Boaters must stay clear of firefighting aircraft – 17 new fires sparked by lightning overnight in southeast BC

CASTLEGAR – The BC Wildfire Service is reminding the public that they must stay clear of firefighting aircraft that are collecting water from lakes in the region, including Moyie Lake, Lake Koocanusa and Premier Lake.

When firefighting aircraft such as airtankers or helicopters are working on an active wildfire and picking up water from nearby lakes, they need plenty of room to manoeuvre to do their job safely. Recreational boaters or people using other watercraft who try to get a close-up look at these aircraft present a serious safety risk for air crews and anyone else in the area.

This behaviour is extremely dangerous and interferes with the BC Wildfire Service’s ability to fight a fire, since a pilot cannot collect water when a boat is in its intended flight path. Such interference can reduce the effectiveness of fire suppression activities and pose safety risks to both the public and first responders.

If a boater gets in the way of an airtanker, helicopter or other firefighting aircraft, the incident will be investigated by the ministry’s Compliance and Enforcement Branch, the Conservation Officer Service and/or the RCMP.

Under the Wildfire Act, the person responsible could face a violation ticket fine of $1,150 or an administrative penalty of up to $100,000. The person could also be charged with an offence under the Wildfire Act, which carries a maximum fine of $100,000.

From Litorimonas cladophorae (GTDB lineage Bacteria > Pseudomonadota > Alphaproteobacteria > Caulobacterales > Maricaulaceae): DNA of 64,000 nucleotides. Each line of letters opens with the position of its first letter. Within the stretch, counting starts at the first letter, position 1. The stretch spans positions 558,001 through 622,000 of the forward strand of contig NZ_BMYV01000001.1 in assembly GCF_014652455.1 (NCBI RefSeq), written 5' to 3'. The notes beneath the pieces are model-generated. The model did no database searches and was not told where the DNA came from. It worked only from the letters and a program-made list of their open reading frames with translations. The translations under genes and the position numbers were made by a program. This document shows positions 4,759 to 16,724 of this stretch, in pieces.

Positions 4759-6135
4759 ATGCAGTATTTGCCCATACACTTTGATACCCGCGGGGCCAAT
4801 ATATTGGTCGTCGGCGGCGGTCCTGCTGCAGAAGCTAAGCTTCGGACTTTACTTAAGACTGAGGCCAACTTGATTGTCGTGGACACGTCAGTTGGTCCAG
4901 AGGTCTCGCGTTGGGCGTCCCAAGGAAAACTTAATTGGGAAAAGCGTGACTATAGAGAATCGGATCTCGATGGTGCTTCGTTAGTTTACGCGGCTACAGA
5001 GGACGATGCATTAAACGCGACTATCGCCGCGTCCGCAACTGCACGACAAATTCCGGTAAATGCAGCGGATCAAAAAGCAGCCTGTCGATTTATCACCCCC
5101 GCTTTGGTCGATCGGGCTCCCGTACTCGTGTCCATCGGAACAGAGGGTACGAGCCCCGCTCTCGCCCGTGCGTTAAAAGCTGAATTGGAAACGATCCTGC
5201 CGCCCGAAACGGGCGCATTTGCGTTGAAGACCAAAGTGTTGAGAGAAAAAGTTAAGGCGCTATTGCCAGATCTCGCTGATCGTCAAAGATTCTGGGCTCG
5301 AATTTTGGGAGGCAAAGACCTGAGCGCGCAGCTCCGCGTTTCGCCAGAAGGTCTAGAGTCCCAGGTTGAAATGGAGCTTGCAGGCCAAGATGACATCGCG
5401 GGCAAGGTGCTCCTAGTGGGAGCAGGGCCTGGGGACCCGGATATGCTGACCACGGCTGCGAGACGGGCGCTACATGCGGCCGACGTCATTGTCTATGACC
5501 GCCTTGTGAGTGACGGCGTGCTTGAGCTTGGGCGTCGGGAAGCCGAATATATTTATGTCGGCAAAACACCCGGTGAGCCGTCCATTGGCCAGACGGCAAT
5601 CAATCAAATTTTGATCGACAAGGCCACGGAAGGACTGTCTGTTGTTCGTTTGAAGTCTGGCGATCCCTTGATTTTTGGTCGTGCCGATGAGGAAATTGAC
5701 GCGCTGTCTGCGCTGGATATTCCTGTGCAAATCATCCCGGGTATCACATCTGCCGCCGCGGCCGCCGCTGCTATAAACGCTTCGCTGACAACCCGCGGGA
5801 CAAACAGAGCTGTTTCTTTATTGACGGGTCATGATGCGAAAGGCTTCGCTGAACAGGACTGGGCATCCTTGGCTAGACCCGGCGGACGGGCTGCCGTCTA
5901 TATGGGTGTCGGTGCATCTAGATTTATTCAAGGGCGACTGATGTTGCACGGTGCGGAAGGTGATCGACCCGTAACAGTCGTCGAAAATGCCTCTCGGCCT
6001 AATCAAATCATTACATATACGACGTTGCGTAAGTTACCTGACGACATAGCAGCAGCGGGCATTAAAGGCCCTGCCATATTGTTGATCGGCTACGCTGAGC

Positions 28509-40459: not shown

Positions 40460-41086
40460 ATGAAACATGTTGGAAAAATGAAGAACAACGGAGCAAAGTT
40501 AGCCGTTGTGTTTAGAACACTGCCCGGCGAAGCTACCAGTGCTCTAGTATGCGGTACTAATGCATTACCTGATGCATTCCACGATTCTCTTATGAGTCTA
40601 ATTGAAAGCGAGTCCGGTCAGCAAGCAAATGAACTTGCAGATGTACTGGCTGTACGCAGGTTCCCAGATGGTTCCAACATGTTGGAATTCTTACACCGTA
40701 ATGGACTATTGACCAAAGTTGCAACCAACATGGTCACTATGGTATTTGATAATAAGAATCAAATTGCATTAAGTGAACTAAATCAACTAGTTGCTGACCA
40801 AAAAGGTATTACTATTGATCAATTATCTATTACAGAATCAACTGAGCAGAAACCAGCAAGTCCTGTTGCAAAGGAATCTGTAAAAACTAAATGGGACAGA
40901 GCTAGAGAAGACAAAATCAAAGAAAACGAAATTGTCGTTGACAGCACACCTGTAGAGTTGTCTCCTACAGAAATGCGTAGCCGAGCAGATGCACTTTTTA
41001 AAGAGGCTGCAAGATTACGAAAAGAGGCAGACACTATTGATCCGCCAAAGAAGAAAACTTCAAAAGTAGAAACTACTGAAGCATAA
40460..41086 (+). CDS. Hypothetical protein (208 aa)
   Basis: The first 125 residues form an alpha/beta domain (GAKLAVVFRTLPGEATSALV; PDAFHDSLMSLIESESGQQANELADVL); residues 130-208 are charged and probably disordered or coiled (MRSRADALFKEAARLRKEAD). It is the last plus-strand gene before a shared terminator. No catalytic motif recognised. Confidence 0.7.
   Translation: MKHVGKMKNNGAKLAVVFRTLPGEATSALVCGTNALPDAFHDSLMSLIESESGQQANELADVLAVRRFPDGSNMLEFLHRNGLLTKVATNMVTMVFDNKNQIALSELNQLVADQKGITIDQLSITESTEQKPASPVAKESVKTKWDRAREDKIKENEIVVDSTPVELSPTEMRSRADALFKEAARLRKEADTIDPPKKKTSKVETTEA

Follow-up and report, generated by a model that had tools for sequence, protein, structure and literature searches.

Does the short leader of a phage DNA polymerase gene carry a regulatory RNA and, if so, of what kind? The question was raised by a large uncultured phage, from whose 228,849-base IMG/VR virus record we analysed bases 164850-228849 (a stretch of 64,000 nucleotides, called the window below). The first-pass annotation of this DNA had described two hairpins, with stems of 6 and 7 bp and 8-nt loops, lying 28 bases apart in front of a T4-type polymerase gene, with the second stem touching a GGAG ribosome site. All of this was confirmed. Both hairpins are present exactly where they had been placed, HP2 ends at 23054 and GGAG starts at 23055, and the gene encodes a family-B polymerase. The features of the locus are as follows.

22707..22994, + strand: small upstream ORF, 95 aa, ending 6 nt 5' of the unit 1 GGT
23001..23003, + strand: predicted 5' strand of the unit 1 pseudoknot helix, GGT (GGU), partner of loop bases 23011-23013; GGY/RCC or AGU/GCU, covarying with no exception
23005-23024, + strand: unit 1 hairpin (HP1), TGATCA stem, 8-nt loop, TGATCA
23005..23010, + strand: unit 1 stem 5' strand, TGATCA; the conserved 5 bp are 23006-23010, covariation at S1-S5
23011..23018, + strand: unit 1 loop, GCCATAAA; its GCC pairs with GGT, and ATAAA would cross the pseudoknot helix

If recreational boaters interfere with fire suppression activities on Moyie Lake, Lake Koocanusa and Premier Lake, the BC Wildfire Service could implement an area restriction that would ban all watercraft from those lakes.

Members of the public must also stay away from active wildfires. Government officials who are engaged in wildfire control, including firefighters, have the authority to order anyone to leave such areas.

Recent wildfire activity:

As of 2 p.m. Pacific time on Aug. 8, 2017, there were 42 active wildfires in the Southeast Fire Centre. This total includes 17 new fires that were sparked by lightning overnight. None of these new fires are currently threatening any communities or structures.

* Four lightning fires started in the Moyie Lake area. Crews are working to control them with the aid of helicopters, skimmer aircraft, airtankers and heavy equipment. The largest of these four fires covers about five hectares and the smallest covers less than one hectare. The fire near the Barkshanty Forest Service Road is currently under control.

* Three small, lightning-caused fires started in the Ladybird Creek area on Aug. 7, about 24 kilometres northwest of Castlegar. One fire is already out, another is under control and the last is being held.

* Five lightning-caused fires started in the Granby area on Aug. 8. Four of them cover less than a hectare each, while the largest – the Bluejoint fire- covers about 30 hectares. This fire is about 1.5 kilometres south of the border of Granby Park and about 60 kilometres northeast of Grand Forks. Ground crews are fighting these fires with the aid of airtankers and helicopters.

* Two lightning-caused fires were discovered on Aug. 8 in the White River area, about 38 kilometres northwest of Elkford. One of them is currently being held and the second covers about three hectares. Crews are working on both of these fires.

The Southeast Fire Centre extends from the U.S. border in the south to the Mica Dam in the north and from the Okanagan Highlands and Monashee Mountains in the west to the B.C.-Alberta border in the east. The Southeast Fire Centre includes the Selkirk Natural Resource District and the Rocky Mountain Natural Resource District.

To report a wildfire or open burning violation, call *5555 on a cellphone or 1 800 663-5555 toll-free. For the latest information on current wildfire activity, burning restrictions, road closures and air quality advisories, visit:

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